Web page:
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On Friday morning, Pittsylvania County Schools (PCS) released the draft of their reopening plan for feedback from the community. 

The plan, which is on the division’s website, outlines a four-day in-person school week for all pre-kindergarten through third grade students, students with disabilities, and English learning students. The main instruction for these students will be reading and math.

Fourth through 12th grades would attend school two days per week in two groups. Remote learning would take place on days students are not in school.

Fridays would be reserved for teacher planning, contact with virtual students and deep cleaning.

According to the plan, new instruction will be provided via a hybrid model of face-to-face and remote instruction, and assignments will be graded for all students.

Students without internet connectivity will be provided take-home paper packets for remote learning.

Superintendent Dr. Mark Jones said the plan came together after the Governor's announcement of potential school reopening guidelines in early June. Since then, several different teams, including instruction, employee, schedule, health, special education, hygiene, virtual learning, and social/emotional wellness, lead by assistant superintendents and level directors.

Those teams consisted of administrators, teachers and parents.

The schedule team put together three different proposals for a plan, and one was presented to the Pittsylvania County School Board on Thursday evening during a work session.

"The one that we presented last night was the one that we thought would work best for Pittsylvania County," Jones said. "I say best because there's nothing that's going to be like having every child at school everyday like we've operated on for many years. This is clearly different based upon the constraint of the governor's order around social distancing and masks."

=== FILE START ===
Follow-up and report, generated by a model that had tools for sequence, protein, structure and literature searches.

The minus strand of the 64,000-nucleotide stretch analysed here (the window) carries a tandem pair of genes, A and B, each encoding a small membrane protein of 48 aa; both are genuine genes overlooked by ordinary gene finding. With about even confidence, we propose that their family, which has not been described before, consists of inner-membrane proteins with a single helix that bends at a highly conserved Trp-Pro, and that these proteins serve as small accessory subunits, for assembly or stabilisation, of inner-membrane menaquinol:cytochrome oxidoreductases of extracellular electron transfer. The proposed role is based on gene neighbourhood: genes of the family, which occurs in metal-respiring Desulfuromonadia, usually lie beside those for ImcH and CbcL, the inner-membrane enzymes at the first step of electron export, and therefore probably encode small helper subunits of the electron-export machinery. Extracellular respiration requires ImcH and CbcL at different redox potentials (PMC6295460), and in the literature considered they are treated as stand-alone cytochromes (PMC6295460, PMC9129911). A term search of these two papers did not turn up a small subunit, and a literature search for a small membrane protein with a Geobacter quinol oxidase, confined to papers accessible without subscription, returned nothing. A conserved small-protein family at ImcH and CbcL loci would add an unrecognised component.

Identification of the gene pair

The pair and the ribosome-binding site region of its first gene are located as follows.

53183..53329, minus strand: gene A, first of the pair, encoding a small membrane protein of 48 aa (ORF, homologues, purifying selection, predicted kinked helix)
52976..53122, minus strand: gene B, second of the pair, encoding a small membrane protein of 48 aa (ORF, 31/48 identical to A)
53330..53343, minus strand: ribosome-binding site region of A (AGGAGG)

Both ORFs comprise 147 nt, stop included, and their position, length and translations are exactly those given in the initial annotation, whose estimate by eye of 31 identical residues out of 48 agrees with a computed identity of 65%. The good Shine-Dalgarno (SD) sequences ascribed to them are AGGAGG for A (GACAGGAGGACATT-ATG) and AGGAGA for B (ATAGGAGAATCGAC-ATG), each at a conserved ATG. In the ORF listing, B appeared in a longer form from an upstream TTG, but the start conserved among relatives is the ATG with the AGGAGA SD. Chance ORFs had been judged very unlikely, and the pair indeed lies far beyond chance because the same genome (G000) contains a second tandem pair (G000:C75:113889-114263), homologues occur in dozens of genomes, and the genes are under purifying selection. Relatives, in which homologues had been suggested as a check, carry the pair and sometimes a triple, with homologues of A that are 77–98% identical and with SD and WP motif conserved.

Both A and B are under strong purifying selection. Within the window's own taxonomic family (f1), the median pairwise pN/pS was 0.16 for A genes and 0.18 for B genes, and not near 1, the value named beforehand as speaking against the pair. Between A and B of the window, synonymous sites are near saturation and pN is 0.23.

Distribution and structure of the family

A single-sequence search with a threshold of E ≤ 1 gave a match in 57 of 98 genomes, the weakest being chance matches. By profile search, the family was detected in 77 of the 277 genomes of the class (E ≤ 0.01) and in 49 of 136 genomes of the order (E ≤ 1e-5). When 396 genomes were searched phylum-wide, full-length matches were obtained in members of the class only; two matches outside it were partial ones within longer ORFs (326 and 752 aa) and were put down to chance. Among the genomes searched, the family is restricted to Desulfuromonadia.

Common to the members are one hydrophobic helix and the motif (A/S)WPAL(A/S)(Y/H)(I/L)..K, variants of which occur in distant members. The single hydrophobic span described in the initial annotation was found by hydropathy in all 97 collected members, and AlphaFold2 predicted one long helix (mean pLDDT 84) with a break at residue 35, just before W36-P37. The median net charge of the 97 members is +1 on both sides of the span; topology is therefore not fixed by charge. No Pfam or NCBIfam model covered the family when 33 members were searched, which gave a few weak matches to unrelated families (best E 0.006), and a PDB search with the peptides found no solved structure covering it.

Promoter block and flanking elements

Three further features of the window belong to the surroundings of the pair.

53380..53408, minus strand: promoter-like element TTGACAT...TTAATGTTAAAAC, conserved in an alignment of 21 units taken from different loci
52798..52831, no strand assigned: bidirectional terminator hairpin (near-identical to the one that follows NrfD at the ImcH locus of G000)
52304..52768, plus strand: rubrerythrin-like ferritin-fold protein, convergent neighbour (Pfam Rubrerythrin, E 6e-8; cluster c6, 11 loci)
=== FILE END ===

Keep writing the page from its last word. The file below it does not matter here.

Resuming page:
In addition, the school board has discussed changing the academic calendar to start on Aug. 17, opposed to Aug. 10. The school board must approve that calendar change.

In the classroom setting, social distancing will be promoted. Breakfast will be a grab-and-go style, and lunch will be picked up and eaten in the classroom. For pre-kindergarten through fourth grade, recess will be 40 minutes per day.

Students will be subject to health screenings before getting onto the school bus or entering the school.

Jones said there will be limited capacity on buses, but that a survey of parents indicated that parents would be willing to help the division by driving their children to school. With the social distancing guidelines of six feet, buses would have a capacity of eleven students. However, if students were to wear masks, they could sit three feet apart, bringing capacity to 22 students. Normally, buses carry 44 students with two students per seat.

According to Jones, it is the division's hope that as the school year progresses, they will be able to bring all students back to school on a regular schedule, sooner rather than later.

The plan set to be approved by the board on Tuesday evening. The division is currently allowing for feedback on the plan ahead of that meeting.

"We want to hear from our parents, and we're going to use that information to build a better plan if that's needed," Jones said. "...I'm sure the information will be helpful to further revise our plan so we have a working plan for everyone."

Those interested can view the plan and provide their feedback on PCS’ website, www.pcs.k12.va.us.

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